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Friday, February 11, 2011

Importance of forest



Forest
A thick patch of trees or cluster of trees is known as forest , forest are useful in many ways, such as they
Take in Co2 and release oxygen;
Release carbon and mineral elements such as nitrogen and phosphorus (important in plant growth) as they decay;
Absorb moisture for growth and releasing it as vapor through transpiration
Prevent erosion by reducing the force of rainfall at the soil surface and by intercepting and absorbing water, rather than allowing it to run off directly;
Harbor a diversity of wildlife;
Act as windbreaks;
Provide us with shade and beauty on a largely agricultural and urban landscape.

It is not possible to sum up the importance of forests in just a few words. Forests impact on our daily lives in so many ways, even in the midst of a busy, noisy, concrete city centre. Many species, including humans rely on forests, but we are allowing them to disappear.







From the air we breathe to the wood we love

Just think of how forests have affected your life today: Have you had your breakfast? Read a newspaper? Switched on a light? Travelled to work in a bus or car? Signed a cheque? Made a shopping list? Got a parking ticket? Blown your nose into a tissue?
Forest products are used in our daily lives. All the activities listed above directly or indirectly involve forests. Some are easy to figure out - fruits, paper and wood from trees, and so on. Others are less obvious - by-products that go into the manufacture of other everyday items like medicines, detergents, etc.

Habitats for biodiversity and livelihood for humans 


But looking at it beyond our narrow, human, not to mention urban, perspective, forests provide habitats to diverse animal species, and they also form the source of livelihood for many different human settlements as well as for governments. 

They offer watershed protection, timber and non-timber products, and various recreational options. They prevent soil erosion, help in maintaining the water cycle, check global warming by using carbon dioxide in photosynthesis. 

Yet we are losing them 

Over the past 50 years, about half the world's original forest cover has been lost, the most significant cause for that being humans beings' unsystematic use of its resources.

When we take away the forest, it is not just the trees that go. The entire ecosystem begins to come apart, with dire consequences for all of us.


Economic uses of forests


It is estimated that forest products contribute about 1% of world gross domestic product (GDP) through wood production and non-wood products.


Values in numbers
·         30% of the world's forests are primarily used for production of wood and non-wood products.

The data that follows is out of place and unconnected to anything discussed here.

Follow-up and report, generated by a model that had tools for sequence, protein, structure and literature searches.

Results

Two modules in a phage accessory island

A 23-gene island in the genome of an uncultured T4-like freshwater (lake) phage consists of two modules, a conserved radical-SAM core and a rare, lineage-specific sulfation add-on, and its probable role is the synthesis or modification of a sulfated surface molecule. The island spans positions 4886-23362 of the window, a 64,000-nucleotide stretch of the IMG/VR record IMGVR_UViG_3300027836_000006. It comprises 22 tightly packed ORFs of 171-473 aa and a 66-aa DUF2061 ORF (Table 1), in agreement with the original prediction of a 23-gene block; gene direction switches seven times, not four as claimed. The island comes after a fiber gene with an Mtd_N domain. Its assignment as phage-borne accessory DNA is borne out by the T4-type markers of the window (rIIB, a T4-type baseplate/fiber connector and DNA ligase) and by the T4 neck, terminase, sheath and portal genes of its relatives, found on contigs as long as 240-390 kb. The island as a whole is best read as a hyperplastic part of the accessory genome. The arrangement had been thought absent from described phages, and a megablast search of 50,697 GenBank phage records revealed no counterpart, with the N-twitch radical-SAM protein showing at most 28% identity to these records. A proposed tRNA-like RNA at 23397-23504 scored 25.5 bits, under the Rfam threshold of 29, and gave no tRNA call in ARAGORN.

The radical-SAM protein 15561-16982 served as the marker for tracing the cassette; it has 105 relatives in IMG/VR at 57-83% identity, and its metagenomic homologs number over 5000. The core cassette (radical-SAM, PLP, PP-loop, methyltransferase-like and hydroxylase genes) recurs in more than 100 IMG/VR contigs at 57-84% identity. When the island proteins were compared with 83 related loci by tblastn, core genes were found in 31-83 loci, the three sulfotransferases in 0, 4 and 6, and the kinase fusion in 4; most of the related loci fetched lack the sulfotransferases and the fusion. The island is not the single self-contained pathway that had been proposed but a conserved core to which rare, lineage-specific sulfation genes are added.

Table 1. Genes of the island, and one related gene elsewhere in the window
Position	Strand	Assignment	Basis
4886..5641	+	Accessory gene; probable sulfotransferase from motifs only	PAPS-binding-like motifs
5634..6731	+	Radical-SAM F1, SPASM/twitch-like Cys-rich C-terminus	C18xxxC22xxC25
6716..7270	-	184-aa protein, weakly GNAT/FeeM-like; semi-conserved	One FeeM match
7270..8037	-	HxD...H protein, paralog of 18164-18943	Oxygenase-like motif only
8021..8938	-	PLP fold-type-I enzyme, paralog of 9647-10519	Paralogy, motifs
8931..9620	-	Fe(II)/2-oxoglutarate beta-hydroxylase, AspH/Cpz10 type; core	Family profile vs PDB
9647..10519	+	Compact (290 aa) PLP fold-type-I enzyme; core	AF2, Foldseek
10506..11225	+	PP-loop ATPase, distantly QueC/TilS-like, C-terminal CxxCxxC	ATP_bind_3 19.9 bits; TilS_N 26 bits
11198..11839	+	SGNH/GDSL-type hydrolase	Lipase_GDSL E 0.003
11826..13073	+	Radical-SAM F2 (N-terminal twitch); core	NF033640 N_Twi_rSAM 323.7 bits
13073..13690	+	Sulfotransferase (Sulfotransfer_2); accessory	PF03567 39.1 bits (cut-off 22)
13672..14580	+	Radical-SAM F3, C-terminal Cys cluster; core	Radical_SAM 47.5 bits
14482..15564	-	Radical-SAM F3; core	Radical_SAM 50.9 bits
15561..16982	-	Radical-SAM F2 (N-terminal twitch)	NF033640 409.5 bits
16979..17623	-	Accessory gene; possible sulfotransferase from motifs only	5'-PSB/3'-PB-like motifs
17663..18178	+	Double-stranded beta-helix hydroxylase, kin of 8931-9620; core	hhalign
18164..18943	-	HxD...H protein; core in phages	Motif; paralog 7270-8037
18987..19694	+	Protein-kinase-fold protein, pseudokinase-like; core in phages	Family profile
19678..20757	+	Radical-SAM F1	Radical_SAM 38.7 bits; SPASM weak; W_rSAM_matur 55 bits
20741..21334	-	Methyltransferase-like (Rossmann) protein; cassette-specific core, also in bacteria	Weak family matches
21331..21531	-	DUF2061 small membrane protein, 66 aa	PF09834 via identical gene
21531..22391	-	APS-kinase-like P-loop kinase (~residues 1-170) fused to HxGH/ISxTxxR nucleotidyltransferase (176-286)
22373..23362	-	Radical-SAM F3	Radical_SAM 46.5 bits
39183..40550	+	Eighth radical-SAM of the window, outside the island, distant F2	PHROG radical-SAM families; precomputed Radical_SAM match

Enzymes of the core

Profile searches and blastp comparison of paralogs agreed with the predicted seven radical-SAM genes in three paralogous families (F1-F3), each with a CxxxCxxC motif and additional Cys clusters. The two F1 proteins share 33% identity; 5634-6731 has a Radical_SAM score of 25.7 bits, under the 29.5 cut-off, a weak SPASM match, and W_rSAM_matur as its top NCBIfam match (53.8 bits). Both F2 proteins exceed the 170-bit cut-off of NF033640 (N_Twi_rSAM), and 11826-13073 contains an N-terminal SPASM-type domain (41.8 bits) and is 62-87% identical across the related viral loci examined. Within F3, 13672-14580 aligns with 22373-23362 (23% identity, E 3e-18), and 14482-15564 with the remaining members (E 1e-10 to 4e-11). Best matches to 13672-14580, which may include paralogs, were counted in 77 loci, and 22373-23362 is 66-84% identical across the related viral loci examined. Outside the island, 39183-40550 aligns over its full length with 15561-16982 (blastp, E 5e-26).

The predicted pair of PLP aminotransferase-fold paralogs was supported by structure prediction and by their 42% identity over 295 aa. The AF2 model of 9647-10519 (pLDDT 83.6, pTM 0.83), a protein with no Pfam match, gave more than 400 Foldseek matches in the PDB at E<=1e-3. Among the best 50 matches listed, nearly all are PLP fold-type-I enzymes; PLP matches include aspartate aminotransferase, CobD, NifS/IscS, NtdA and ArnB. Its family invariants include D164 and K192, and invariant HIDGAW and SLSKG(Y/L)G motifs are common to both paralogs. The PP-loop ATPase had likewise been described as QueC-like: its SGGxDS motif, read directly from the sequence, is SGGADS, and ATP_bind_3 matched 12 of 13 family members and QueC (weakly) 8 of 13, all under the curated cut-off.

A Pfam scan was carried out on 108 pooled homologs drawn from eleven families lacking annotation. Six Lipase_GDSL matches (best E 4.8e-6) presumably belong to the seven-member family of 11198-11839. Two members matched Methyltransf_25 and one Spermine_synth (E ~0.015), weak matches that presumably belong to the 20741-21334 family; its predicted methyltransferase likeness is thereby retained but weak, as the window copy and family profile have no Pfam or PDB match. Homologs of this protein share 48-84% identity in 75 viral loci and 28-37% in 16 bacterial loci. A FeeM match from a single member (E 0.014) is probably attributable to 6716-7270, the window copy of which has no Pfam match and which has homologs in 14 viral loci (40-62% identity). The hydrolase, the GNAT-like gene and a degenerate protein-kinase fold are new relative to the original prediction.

·         The total global trade in forest products was valued at around $379 billion in 2005.
·         The livelihoods of 1.6 billion people depend on forests.




Putting a price on forests

Forests have obvious economic significance through the provision of timber and wood. In addition, non-timber products like rubber, cotton, medicinal products, and food represent significant economic value.

Even more important is fuel wood and fodder, especially in developing nations, where people depend on wood almost entirely for their household energy.

Given the immense economic benefit of forests, the demand for commercial timber and other products is ever increasing. Already, there are signs growing shortage of tropical hardwoods. This is due to over-harvesting of timber, but also increasing demands from a growing human population, agriculture, mining and water storage.






Timber

Items made out of wood touch our lives in more ways than we can imagine. Thousands of consumer products are directly made from wood. 
Is it good or bad?
But if demand for timber is fast dwindling forests, why continue using it? Why not look for alternatives? In environmental terms, there are both positives and negatives in using wood-based material.
Positively, it is environment friendly... 
The good thing is, timber is a natural product and can be used with minimum processing. It occurs almost worldwide, and is essentially a renewable and recyclable resource. Because of its natural origins, most types of wood are fairly durable. Timber has a high strength to weight ratio that allows for efficient transportation.
...but exploited beyond sustainable limits
On the negative side, the high demand for timber products encourages illegal and unregulated logging.
Transporting of timber also adds to greenhouse gas emissions, especially for exotic species.

Timber processing can also have undesirable effects on the environment. Dust emissions result from the sawing and sanding of wood-based products and toxic chemicals are sometimes used to treat the wood. Nonetheless, the processing of other everyday materials such as plastics and aluminium are far more damaging.


Non Timber Forest Products

As important as timber are the non-wood products that are procured from forests. Known as NTFP or NWFP (non-timber or non-wood forest products) These include all biological products extracted from forests apart from timber.

Economic implications

About 150 types of NTFP are significant in international trade. They are also increasingly being acknowledged for their role in sustainable development and conservation of biological diversity.

The value of non-wood forest product removals was estimated at US$18.5 billion in 2005, with food products accounting for the biggest share.

Up to 80% of the population in developing countries depends on NTFP for subsistence, both economically and for nutrition. NTFP are especially important to women in developing countries from Latin America, Asia, Africa and Far East.